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After this ceremony, The bride picked up her dress and jewelry and headed to the parlor to get ready and actually become a Bride.

I don’t know how the brides deal with it, but getting ready for the wedding ceremony according to me is probably the most agonizing part of the entire wedding. I mean I just sit in a corner and keep clicking pictures, but the poor bride has to sit on that chair for like 2 hours and get her make up and hair done and then get her lehenga draped. I shudder at the thought of going through this on ¬†my own wedding. Though I’v seen brides who really enjoy the ‘getting ready’ part, I find it a torture. Sure I want to look my best on my wedding, but to sit and get your makeup done for like 2 hours is scary! Oh well! God help me and the beautician on my wedding day. I’l probably have to pay her double of what she charges to handle my tantrums as well. ūüėõ

Anand Karaj

 

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So, now when the bride is ready and is all anxious for the baraat (The Groom and his relatives)¬†to come, her sister’s and friends all come to her. Sister’s play a huge role in the wedding for a bride. They help the bride get ready, chose the best Bindi, give secret signals on whether the make up is going good or not, and are basically turn into a superwoman of sorts who can handle everything from getting extra hairpins to keeping the bride calm in such times when the bride is ready to explode with nervousness.

The bride sits in this small powder room reserved for her at the venue, waiting patiently for her knight on a white horse to come as everybody around her goes into a tizzy the moment they come to know that the baraat is about to reach.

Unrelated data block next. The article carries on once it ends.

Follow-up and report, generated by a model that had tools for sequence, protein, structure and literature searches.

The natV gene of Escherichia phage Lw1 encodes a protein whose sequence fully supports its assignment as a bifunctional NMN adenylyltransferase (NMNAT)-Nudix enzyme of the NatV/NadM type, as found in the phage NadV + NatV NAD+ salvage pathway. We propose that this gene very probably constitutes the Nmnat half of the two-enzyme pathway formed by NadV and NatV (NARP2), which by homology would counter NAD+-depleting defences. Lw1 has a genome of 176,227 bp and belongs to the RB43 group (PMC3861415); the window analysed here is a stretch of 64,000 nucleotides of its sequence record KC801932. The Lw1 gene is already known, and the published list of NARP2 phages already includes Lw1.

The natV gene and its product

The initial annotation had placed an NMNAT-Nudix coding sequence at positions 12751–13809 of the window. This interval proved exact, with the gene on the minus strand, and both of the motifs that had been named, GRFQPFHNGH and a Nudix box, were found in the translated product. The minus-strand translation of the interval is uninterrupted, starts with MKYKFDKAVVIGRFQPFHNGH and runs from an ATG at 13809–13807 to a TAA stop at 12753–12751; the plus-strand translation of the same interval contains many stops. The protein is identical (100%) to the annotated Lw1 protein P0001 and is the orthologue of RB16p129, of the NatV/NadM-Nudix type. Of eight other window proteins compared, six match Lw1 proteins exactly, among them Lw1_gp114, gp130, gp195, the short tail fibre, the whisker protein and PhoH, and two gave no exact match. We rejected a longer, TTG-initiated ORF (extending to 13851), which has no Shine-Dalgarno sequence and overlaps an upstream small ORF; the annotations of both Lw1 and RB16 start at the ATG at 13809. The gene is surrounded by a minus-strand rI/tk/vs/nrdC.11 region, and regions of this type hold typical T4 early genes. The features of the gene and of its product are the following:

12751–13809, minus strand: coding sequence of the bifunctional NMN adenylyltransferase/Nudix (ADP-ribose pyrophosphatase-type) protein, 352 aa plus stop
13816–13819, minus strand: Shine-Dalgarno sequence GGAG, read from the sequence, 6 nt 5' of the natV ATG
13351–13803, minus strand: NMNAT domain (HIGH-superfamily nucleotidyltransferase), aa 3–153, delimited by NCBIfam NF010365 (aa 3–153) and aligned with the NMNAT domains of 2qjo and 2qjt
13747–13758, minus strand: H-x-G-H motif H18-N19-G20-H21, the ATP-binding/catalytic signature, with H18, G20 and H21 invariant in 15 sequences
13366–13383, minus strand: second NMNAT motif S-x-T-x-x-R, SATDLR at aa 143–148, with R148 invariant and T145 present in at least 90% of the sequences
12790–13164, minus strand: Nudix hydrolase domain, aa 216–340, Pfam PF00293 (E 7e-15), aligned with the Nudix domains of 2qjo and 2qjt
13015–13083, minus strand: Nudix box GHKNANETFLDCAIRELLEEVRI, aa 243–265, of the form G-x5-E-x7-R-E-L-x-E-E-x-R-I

And that is when the actual wedding begins…

 

Pictures By Clickaholicks

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Dancing In A Punjabi Wedding

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Punjabi wedding are THE most fun thing ever. Don’t get me wrong. All weddings are fun, but the madness in Punjabi wedding always manages to reach a new high. And this time, the wedding was of my cousin sister who flew down from the States to get married in our pind.

Now those of you who are not familiar with what a pind is, it’s our village where our ancestors lived and our family has an ancestral home there. So most of the weddings are held there and our huge family which is scattered all over the world come together and goes absolutely crazy.

And when I say crazy, I mean they literally go crazy. There is drinking and laughter and dancing everywhere.

And dancing is what I’m going to talk about, because there are various stages to dancing in our family weddings.